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Wednesday, July 2, 2014

Scientists believe that the Breadfruit is a wonder food

Who says food breadfruit was villagers, while in Europe, it was famous as breadfruit. Now experts even believe it was a 'wonder food'. Known by its Latin name, Artocarpus altilis, breadfruit has a soft greenish fruit that has no seeds, with texture similar to a potato. It can be used as a main meal or snack. In the past, breadfruit used as Jamaican staple food. Now experts believe that the fruit can bring food security back on the island - which imports more than half its food.
Wonderfood? Breadfruit - Artocarpus altilis - has lumpy green flesh and a potato-like texture so that it can be served as part of a main meal or turned into sweets. (Picture from: http://dailym.ai/1z6wJoX)
As reported in the New Scientist pages, that breadfruit is widely consumed in the Pacific Islands. And more breadfruit produced in one hectare, rather than rice, wheat, or corn. Only with a breadfruit that has a weighs about 3 kg, is quite provide carbohydrates and food for a family of 5 people.

Breadfruit is also ground into flour which is used in sweet or salty snacks, including pancakes and chips. The fruit is also rich in vitamins and minerals, as well as a source of carbohydrates and gluten free protein. The amino acids protein that contains in its fruit is more than soy.

Diane Ragone of Hawaii's National Tropical Botanical Garden (NTBG) have studied the breadfruit plants since the 1980s - when people judge the fruit is bland and starchy. During this time she has researched hundreds of varieties in 34 countries.

With Nyree Zerega of Northwestern University, Chicago, Dr. Ragone trace the origins of the fruit using DNA analysis. Most fruits have been checked, including fingerprints called kluwih plants that grow in New Guinea. Kluwih is regarded as the ancestor of the breadfruit.
The starchy fruit can be ground into flour and used in sweet and savoury dishes, including pancakes and crisps. (Picture from: http://dailym.ai/1z6wJoX)
Scientists discovered that the breadfruit ancestors are kluwih that growing in New Guinea. Another version mentions, breadfruit estimated from the Nusantara Archipelago to Papua. Following the migration of Austronesian tribes about 2000 years before Christ, the plant is then also spread to the islands of the Pacific.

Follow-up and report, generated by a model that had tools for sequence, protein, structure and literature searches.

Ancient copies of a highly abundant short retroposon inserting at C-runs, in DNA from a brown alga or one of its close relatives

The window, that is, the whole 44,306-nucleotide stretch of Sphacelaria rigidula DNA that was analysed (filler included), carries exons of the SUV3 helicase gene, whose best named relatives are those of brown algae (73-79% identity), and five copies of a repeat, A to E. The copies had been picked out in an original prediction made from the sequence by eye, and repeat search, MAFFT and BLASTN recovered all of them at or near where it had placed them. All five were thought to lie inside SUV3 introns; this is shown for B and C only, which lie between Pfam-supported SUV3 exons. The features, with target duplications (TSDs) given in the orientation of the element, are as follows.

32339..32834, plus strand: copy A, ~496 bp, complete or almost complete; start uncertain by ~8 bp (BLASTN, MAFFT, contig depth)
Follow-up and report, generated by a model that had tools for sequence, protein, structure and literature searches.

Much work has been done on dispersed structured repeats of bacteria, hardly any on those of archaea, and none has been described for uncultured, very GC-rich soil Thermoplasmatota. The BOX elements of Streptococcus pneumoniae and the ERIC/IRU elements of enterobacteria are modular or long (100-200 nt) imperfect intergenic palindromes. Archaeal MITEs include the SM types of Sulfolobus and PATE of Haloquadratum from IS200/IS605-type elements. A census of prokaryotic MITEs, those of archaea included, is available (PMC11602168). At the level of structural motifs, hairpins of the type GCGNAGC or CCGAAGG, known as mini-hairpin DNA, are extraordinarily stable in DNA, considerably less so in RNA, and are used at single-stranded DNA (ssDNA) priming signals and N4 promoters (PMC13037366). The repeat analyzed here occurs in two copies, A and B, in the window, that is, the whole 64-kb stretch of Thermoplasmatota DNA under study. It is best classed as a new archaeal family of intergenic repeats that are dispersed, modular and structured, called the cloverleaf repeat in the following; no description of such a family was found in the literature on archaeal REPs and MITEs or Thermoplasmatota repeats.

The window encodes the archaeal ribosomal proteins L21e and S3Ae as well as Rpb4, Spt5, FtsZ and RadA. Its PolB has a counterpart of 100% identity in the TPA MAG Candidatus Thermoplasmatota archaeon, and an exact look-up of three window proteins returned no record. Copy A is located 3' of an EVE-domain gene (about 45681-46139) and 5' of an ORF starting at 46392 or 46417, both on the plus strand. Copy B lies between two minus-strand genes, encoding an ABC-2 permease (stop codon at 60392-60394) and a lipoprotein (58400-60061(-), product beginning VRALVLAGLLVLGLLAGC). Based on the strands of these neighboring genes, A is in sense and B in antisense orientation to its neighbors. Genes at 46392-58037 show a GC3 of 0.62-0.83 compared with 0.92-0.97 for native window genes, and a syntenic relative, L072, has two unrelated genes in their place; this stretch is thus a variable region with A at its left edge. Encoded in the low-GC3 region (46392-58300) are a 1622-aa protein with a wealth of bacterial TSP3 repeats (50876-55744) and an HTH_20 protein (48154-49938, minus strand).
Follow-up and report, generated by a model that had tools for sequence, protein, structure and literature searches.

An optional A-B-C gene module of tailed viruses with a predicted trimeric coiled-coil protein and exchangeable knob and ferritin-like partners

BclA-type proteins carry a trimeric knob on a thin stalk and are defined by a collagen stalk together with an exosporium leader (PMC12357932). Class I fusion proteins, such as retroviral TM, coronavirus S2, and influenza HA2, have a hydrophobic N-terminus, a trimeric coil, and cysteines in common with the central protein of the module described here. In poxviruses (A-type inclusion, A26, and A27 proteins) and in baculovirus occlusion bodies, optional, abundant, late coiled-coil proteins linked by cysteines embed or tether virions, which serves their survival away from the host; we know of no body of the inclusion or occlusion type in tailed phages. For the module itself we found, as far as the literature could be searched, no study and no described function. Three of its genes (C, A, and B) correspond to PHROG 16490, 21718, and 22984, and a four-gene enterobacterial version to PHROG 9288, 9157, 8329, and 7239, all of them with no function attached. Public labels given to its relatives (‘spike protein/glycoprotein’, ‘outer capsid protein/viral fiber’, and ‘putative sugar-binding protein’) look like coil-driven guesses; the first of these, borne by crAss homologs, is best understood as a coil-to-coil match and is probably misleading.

It is estimated that during the spice trade at the end of the Majapahit era, breadfruit spread to Java from the Moluccas. Due to the influence of colonization of European nations, the breadfruit and then spread to the west between 1750 to 1800 to Malaysia, India, Sri Lanka, Mauritius, and in 1899 arrived in Africa. Now the breadfruit has become widespread in many parts of the world, especially in tropical regions.

In 2003, Dr. Ragone establish the NTBG, an institute which is study the breadfruit intensively, which includes an orchard on the Maui island. The scientists are also working with the charity foundation, the Alliance to End Hunger which aims to distribute breadfruit to the corners of the earth that is not endowed with sufficient food supply.

"The tradition in Polynesia, someone will plant breadfruit when his son was born. To ensure the boy gets food all his life," said Dr. Ragone, as quoted by the Daily Mail on Tuesday, July 1, 2014. Breadfruit trees require little maintenance and thrive in the tropics.

Now, experts are investigating the varieties which best suit the particular environment and climate - as well as local tastes - in countries lacking food security. They also identify fruit varieties which produce the best results and high protein content.

So far 35,000 trees have been sent to 26 countries, including Jamaica and Haiti. The scientists also hope someday there will be a breadfruit plantations in the Caribbean. That means there will be no hunger. *** [EKA | FROM VARIOUS SOURCES | NEW SCIENTIST | DAILY MAIL]
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